Outcomes of Interest and Data Synthesis
A narrative synthesis of the results was planned prior to implementation of the literature search due to anticipated heterogeneity of outcome measures.19 Language-related outcomes from each publication were categorized as 1) community-specific outcomes, defined as measures of LEP community members’ knowledge about EMS, trust in EMS, or confidence in their ability to activate EMS; 2) EMS provider-specific outcomes, defined as measures of stress, provider self-efficacy, training, or decision-making; 3) patient-specific outcomes, defined as measures of patient satisfaction or specific clinical outcome measures; or, 4) health system-specific outcomes, defined as measures of cost, quality, or efficiency.
A total of 22 publications were identified as meeting inclusion and exclusion criteria and are reviewed in the results.8-12,20-36 (Figure 2 and Table) A single prior systematic review of the literature was identified.20 However, this review of the barriers and facilitators of EMS utilization by minority ethnic communities was broader than the specific question of the impact of language barriers on prehospital care. This review was unpublished outside of a poster presentation, unable to be replicated from the methodology, and a full list of citations was unavailable.
|First author (Year)
|Studies published in English between 2003 and 2013 with barriers/facilitators for minority populations accessing prehospital emergency medical services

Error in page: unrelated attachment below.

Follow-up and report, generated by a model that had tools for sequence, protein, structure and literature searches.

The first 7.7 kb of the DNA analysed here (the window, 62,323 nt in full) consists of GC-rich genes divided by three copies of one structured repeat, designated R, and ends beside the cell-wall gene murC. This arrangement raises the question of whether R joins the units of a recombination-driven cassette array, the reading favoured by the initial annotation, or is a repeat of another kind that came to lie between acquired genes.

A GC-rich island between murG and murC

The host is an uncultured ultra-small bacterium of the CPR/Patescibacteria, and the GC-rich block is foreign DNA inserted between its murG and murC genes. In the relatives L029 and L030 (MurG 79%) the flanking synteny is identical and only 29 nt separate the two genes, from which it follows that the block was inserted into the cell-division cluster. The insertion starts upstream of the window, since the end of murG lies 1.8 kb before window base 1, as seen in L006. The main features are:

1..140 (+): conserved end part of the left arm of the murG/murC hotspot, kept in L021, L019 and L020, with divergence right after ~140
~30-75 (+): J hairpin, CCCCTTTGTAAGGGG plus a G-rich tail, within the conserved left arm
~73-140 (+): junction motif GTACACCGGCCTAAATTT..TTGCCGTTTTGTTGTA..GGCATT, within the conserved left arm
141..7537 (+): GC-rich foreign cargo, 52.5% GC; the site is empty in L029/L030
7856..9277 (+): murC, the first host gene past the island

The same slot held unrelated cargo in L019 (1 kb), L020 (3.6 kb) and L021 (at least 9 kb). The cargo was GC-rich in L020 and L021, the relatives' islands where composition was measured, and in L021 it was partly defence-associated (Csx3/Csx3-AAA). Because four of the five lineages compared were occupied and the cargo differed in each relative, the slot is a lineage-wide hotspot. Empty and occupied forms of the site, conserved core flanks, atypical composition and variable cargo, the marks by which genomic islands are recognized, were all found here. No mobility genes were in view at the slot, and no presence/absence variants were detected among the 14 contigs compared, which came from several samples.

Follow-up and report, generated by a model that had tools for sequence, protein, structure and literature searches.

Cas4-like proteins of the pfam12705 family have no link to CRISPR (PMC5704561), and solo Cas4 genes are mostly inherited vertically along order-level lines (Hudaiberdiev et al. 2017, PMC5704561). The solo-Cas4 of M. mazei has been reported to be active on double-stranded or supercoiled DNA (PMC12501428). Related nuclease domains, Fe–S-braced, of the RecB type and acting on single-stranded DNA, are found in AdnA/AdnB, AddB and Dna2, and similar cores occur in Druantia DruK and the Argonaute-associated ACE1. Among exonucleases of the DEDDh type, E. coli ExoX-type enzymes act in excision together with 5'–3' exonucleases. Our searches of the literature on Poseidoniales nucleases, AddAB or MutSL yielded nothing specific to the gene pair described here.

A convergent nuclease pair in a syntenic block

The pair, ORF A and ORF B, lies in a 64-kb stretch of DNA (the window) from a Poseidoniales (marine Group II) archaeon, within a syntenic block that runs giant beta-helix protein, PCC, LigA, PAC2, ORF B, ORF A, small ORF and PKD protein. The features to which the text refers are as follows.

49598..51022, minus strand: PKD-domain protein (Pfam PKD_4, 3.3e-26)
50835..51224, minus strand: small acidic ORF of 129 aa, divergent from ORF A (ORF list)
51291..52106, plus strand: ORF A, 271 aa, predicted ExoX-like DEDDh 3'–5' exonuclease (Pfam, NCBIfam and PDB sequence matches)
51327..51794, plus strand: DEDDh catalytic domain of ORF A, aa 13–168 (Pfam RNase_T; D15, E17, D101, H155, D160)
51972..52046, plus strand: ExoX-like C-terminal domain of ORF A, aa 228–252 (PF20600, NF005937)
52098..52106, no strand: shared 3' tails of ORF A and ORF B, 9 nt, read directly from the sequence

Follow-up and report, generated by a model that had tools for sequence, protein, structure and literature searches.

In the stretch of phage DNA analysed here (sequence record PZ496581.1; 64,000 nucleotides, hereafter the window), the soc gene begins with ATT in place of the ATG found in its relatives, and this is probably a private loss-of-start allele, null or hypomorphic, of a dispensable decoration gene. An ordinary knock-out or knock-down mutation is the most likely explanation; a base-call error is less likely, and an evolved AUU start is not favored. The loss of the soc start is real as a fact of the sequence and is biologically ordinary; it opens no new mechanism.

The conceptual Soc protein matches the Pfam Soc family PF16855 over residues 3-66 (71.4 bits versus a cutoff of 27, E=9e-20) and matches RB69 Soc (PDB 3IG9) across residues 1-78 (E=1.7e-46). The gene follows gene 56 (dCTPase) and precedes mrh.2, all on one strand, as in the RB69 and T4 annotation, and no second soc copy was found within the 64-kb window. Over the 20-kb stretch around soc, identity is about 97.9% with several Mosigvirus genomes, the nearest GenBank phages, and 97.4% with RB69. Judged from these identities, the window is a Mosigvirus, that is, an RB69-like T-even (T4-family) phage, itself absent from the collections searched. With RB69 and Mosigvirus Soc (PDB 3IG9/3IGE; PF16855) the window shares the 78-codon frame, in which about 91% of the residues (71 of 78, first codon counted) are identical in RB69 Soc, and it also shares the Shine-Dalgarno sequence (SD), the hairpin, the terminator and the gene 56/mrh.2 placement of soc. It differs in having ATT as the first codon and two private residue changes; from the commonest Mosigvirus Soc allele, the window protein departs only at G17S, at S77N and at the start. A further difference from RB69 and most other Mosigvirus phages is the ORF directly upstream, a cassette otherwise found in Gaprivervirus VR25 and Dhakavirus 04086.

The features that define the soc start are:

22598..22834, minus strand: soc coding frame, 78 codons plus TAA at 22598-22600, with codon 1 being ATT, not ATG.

|16 studies included, 2 from Europe and 14 from US (only 5 of the 16 studies provided in references)
Single uncited study specific to language barriers
|Publications describing minority language speaking community engagement with EMS
|US (Florida, Nebraska, North Carolina, Oklahoma)
|Heart Attack and Stroke Module of the 2003 Behavioral Risk Factor Surveillance System population survey administered in English or Spanish
|Spanish-speaking Hispanics have less recognition of stroke or heart attack symptoms than English-speaking Hispanics (p<0.001)
No difference between Spanish-speaking Hispanics and English-speaking Hispanics in intent to call 911 for suspected heart attack or stroke (p=0.17)
|Canada (Calgary, Alberta)
|406 patients discharged with a diagnosis of acute myocardial infarction (AMI) and ethnicity determined by surname of Caucasian, Chinese, South Asian, Southeast Asian, or First Nations
|Only 34% of Chinese patients, 46% of South Asian patients, and 51% of Southeast Asian patients were fluent in English compared to 99% of Caucasian patients and 92% of First Nations patients (p<0.001)
Caucasian patients were more likely to present to the ED by ambulance than other ethnic groups (p<0.001)